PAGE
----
Have you ever heard of the Bonus March? World War I veterans were promised a bonus in 1924, but budget wrangling postponed it to 1945. Vets called it “the tombstone bonus,” because they’d likely die before they got it. During the Great Depression in 1932, there was a nationwide movement forming (without social media!), and on May 29th many began to march on Washington, D.C. By the end of July a camp at Anacostia Park, on the outskirts, had over 20,000. It was the first occupy movement, and also one of the largest integrated groups ever to protest. President Hoover shrugged it off, calling it a “temporary disease,” and commented that “the marchers have rapidly turned from bonus seekers to communists or bums.” On July 28th police tried unsuccessfully to clear the camp. Shots were fired, and there were a few deaths. In late September, fearing more violence, the military moved in, under the direction of Gen. Douglas MacArthur. Tanks and troops rolled through the city, and 200 mounted cavalry, sabers drawn, were led by executive officer George S. Patton. All this in complete disregard for the Posse Comitatus law of 1878, which forbid the military from enforcing civilian law (see also Kent State and Jackson State in 1970). Only two months before the Presidential election, Democratic candidate Franklin Roosevelt said, “This will get me elected.” He was, and it still took till 1936 before a compensation act was passed. We did better after World War II with the G. I. Bill, as a generation went to college or trade school, and helped built a robust middle class. It’s been calculated that for every dollar spent on this program, it returned seven in economic activity due to better wages for educated workers. Unfortunately, many black veterans were denied the benefits, and after the Korean War, too, but this was more due to racism rather than veteran status.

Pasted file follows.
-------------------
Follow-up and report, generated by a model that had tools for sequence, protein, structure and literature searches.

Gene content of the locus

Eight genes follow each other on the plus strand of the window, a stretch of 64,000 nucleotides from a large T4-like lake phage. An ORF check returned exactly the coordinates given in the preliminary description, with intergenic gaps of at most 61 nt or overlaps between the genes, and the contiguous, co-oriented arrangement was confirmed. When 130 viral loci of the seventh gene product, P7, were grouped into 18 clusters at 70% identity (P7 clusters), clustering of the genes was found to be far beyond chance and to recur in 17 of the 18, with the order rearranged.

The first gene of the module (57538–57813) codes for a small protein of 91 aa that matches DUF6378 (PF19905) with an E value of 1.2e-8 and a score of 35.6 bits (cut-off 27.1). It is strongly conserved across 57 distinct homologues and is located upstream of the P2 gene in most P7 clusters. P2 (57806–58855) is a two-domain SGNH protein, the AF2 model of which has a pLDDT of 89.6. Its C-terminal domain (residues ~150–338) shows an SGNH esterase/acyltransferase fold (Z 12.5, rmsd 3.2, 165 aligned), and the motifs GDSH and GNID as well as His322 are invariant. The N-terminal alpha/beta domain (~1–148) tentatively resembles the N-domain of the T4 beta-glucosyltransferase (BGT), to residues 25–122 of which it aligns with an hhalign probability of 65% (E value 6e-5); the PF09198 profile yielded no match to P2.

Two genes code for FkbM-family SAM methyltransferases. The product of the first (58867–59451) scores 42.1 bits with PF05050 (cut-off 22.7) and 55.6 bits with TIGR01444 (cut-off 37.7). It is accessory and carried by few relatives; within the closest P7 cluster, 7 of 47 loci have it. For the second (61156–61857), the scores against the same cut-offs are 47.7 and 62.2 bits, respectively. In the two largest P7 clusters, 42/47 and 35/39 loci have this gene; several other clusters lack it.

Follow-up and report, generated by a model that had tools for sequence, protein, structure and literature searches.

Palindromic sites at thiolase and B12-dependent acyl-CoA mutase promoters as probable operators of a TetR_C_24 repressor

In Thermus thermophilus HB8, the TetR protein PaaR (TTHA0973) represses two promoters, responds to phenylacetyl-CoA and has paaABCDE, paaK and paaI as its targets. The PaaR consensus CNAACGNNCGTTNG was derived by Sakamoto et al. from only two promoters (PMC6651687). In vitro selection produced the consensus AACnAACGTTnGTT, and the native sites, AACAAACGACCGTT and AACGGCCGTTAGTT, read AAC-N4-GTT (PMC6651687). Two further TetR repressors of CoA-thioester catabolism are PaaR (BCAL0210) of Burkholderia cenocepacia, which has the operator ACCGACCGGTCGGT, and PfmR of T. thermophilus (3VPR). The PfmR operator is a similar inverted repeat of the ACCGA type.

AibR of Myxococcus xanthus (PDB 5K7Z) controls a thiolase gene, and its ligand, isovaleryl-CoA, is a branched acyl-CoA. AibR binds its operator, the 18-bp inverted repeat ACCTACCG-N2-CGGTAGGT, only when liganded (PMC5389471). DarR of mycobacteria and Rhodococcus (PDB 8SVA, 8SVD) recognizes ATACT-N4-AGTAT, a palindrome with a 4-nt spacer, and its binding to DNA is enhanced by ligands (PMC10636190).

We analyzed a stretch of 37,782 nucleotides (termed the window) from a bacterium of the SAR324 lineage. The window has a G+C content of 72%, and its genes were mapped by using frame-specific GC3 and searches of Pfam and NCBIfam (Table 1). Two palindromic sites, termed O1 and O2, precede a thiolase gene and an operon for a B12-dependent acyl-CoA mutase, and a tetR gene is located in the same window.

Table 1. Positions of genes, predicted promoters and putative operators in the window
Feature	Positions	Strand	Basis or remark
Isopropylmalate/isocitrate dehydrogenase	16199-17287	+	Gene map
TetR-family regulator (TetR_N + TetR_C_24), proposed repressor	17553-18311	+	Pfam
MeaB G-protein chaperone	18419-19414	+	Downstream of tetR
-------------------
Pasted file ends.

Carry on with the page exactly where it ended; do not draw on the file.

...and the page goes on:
As of July 2012, there are 21.8 million veterans in America. Of the 2.5 million who served in the Iraq and Afghanistan wars, 1.6 are veterans, many of multiple deployments. The sheer amount of disability claims has overwhelmed the Veterans Administration’s ability to deal with them. There are over 500,000 claims of PTSD, 130,000 TBIs, (traumatic brain injuries), 350,000 for hearing loss or tinnitus, ringing in the ears. So waiting lists grow ridiculously long, or they’re falsified, like the scandal this spring at the Phoenix VA. Many of these claims are for multiple ailments. Plus, many serving G.I.s were or are been given anti-depressants, anti-psychotics, and other dangerous and habit forming drugs, so drug addiction has become another disability. That’s not all. Beginning in 1991 during the first Gulf war, bullets and munitions were coated with DU, depleted uranium, a known carcinogen, but really good at penetrating armor. Claims for cancers caused by exposure to DU will be difficult to prove and may drag on for decades — this generation’s Agent Orange.